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I have 400 routers, approx. and by using the console, I can access by telnet each one of them, and by typing a series of commands I can generate a backup and copy it to my computer using FTP.

I want to automate this task because its really annoying.

I have read everything I could about this topic on the Internet.

I know to program in C and I am using Windows. So I read all about WINSOCK and sockets and I am trying to implement my program.

I have this problem, when I use the recv function it keeps showing me strange characters, I don't know what this means and how to solve it and I dont even know if what I am trying to do is possible using just sockets and C.

In case it is possible could you tell me how to send the commands I have this way or point me in the way of a document that shows me how to do this.

here goes the basic of my code, i suspect i should learn about how to negotiate telnet in c


#include <windows.h>
#include <winsock2.h>
#include <ws2tcpip.h>
#include <iphlpapi.h>
#include <stdio.h>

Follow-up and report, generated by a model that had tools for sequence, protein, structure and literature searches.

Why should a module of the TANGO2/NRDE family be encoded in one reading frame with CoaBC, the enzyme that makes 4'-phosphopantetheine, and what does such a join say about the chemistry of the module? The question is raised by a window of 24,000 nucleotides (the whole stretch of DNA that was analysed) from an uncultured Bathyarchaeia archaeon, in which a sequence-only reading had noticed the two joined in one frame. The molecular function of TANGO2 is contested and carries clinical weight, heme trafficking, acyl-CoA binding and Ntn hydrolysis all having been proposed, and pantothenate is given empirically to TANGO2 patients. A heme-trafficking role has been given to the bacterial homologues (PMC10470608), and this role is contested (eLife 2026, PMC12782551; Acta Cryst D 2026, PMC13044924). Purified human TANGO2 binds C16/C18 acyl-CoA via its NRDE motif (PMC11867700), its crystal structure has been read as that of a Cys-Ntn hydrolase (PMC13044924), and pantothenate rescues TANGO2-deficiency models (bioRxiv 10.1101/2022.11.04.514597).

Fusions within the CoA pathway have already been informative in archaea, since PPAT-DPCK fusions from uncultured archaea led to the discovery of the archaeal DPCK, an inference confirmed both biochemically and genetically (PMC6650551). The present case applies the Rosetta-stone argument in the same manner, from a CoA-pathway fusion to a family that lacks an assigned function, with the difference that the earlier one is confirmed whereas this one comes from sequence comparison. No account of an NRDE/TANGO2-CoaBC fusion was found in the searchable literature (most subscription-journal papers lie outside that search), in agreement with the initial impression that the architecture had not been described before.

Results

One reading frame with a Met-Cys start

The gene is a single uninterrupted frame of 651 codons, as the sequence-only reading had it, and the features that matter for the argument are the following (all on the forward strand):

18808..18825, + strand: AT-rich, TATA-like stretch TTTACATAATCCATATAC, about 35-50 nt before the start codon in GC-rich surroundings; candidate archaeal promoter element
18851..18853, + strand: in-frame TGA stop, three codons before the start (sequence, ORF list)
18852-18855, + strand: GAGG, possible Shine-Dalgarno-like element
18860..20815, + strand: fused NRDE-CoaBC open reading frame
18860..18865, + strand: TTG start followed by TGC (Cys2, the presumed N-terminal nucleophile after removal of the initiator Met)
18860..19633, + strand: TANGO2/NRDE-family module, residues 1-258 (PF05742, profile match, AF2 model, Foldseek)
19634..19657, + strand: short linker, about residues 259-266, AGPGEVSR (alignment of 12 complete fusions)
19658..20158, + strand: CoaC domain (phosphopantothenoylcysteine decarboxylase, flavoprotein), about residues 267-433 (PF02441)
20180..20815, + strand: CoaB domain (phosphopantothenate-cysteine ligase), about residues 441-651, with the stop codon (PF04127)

#include <stdlib.h>

#pragma comment(lib, "Ws2_32.lib")
#pragma comment(lib, "wsock32.lib")
#pragma comment(lib, "libws2_32.lib")
#pragma comment (lib, "Mswsock.lib")
#pragma comment (lib, "AdvApi32.lib")

int main ()
    const char direcciones[400]="xx.x.x.xx";
    WSADATA wsaData;
    SOCKET sock;
    struct hostent *host;
    struct sockaddr_in direc;
    int conex;
    int len;
    char *sendbuf1="USER admin\n\r";
    char *sendbuf2="PASS \n\r";
    char *sendbuf3="\n\r";
    char *sendbuf4="export file=";

    char recvbuf[512];
    int cont;

    // Initialize Winsock
    WSAStartup(MAKEWORD(2,2), &wsaData);
    conex = WSAStartup(MAKEWORD(2,2), &wsaData);
    if (conex != 0)
    printf("WSAStartup failed: %d\n", conex);
    return 1;

    printf("\tOfficial address: %s\n", host->h_addr);

    if (sock==-1)
        printf("error al crear el socket\n");

    direc.sin_addr=*((struct in_addr*)host->h_addr);

    conex = connect(sock,(SOCKADDR *) & direc,sizeof(direc));
    if (conex==SOCKET_ERROR)
    printf("no se ha podido conectar con el servidor\n");
    conex = closesocket(sock);
        if (conex == SOCKET_ERROR)
            wprintf(L"closesocket function failed with error: %ld\n", WSAGetLastError());
    return 1;
    else printf("coneccion correcta a puerto telnet\n");

system("pause");                    //esto hay que quitarlo despues

conex = recv(sock,recvbuf,512, 0);
printf("se recibio %i bytes\n",conex);
printf("dato recibido: %s\n",&recvbuf);

conex = send( sock, sendbuf1,strlen(sendbuf1), 0 );

conex = recv(sock,recvbuf,512, 0);
printf("se recibio %i bytes\n",conex);
printf("dato recibido: %s\n",&recvbuf);

conex = closesocket(sock);
    wprintf(L"funcion closesocket fallo con error: %ld\n", WSAGetLastError());
    return 1;

return 0;



share|improve this question
andressanchez, welcome to SO. Please post your code so we can help you. I edited your question to make it look better. –  user195488 Aug 2 '11 at 16:35